Maybe the difference is that you allowed yourself to be surprised and taken back to a previous place. This is actually a great sign! Whether you tend to be more dismissive or more anxious, allowing yourself to be surprised is a sign that you aren’t adhering to the roles you were previously pegged to play. This is great! If you didn’t see it coming, you’re expending less energy looking for impending badness. Celebrate that.

Note more positives about how your experience is different this time. I am willing to bet because you have done the work before, you stayed in the past for a much shorter period of time and were able to work through a regressive FUNCK in real-time. Celebrate that. Give yourself grace. Each time you go back and forth is a chance to practice showing up for yourself and soothing your inner child.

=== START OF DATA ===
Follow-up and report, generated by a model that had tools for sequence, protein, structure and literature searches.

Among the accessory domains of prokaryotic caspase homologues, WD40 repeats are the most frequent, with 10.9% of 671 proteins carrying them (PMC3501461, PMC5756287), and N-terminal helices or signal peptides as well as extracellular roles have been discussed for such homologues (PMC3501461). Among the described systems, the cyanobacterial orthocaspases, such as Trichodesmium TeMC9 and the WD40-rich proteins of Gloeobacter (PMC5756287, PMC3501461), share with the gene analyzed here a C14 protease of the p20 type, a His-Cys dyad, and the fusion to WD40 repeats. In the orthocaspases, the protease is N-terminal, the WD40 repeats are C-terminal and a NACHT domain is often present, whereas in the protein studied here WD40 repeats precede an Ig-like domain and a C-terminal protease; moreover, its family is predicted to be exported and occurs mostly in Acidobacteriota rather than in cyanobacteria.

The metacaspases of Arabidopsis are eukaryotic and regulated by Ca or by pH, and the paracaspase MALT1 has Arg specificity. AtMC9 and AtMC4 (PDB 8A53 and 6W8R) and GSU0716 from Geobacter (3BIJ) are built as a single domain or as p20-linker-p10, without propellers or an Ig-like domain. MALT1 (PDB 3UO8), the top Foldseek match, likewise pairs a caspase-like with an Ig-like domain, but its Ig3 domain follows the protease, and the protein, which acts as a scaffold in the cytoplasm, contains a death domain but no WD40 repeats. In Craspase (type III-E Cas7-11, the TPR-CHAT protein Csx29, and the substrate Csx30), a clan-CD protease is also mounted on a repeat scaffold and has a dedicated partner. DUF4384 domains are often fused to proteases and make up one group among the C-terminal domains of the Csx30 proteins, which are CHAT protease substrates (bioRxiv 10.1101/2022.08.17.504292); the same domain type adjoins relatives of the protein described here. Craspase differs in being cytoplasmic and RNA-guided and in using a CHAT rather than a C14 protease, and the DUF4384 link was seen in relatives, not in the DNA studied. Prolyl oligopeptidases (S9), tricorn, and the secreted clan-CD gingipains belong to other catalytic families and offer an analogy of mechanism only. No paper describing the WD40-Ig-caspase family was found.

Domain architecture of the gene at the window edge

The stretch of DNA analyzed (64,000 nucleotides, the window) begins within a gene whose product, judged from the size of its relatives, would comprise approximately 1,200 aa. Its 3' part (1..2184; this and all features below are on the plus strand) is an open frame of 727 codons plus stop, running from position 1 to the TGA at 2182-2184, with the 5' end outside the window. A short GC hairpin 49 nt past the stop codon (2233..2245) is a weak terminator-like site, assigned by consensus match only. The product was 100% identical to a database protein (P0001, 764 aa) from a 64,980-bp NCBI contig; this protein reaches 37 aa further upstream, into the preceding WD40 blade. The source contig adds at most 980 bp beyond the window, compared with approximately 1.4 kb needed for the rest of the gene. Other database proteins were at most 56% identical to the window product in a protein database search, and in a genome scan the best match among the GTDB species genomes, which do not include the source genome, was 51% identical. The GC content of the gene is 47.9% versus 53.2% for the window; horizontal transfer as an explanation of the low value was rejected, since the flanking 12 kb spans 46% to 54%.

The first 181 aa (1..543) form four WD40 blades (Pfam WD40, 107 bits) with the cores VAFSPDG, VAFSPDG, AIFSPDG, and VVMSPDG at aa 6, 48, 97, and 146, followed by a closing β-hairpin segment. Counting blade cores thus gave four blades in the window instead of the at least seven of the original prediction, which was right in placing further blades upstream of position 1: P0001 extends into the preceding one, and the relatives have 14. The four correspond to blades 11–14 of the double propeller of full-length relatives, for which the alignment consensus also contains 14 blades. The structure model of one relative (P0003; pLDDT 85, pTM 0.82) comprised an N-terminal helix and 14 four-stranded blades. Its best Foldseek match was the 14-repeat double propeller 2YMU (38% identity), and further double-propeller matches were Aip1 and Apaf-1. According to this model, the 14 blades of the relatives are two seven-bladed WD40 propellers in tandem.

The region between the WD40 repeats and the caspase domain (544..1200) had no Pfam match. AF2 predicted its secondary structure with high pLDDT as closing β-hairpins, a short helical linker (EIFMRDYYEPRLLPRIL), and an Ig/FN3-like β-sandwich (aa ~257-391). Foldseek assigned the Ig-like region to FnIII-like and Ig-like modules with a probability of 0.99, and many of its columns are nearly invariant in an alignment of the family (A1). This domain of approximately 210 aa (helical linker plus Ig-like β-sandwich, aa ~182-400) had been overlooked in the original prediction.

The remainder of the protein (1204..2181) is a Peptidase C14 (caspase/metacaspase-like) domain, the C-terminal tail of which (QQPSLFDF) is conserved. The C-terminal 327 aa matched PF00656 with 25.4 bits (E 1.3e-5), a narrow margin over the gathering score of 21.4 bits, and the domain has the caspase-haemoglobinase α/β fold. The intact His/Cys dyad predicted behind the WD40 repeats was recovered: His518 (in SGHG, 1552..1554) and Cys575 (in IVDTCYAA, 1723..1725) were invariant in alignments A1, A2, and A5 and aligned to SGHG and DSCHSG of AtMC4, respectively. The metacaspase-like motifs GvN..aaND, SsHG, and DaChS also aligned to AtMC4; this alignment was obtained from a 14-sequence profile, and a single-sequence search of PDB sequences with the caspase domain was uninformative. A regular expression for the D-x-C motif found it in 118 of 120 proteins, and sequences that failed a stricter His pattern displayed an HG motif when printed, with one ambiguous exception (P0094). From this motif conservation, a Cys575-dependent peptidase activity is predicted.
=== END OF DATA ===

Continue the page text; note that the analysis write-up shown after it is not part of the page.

BeMo About It

Of course, if and when these uncomfortable patterns happen, take a chance to journal about it in your BeMo Journal. Work through the FUNCK – then and now. Show up for yourself and understand how it was you were feeling at the time, what your unmet needs were then and how they relate to what is happening to you in the here and now. Note what you care about and what choices you have in order to meet your needs. Ground yourself in what you know – what information have you gained from this experience that is now solidified for you?

After all, is said and done, welcome back. You are here now. You are safe. You have the ability to show up for yourself and self-soothe. You are empowered. You are enough. You are here.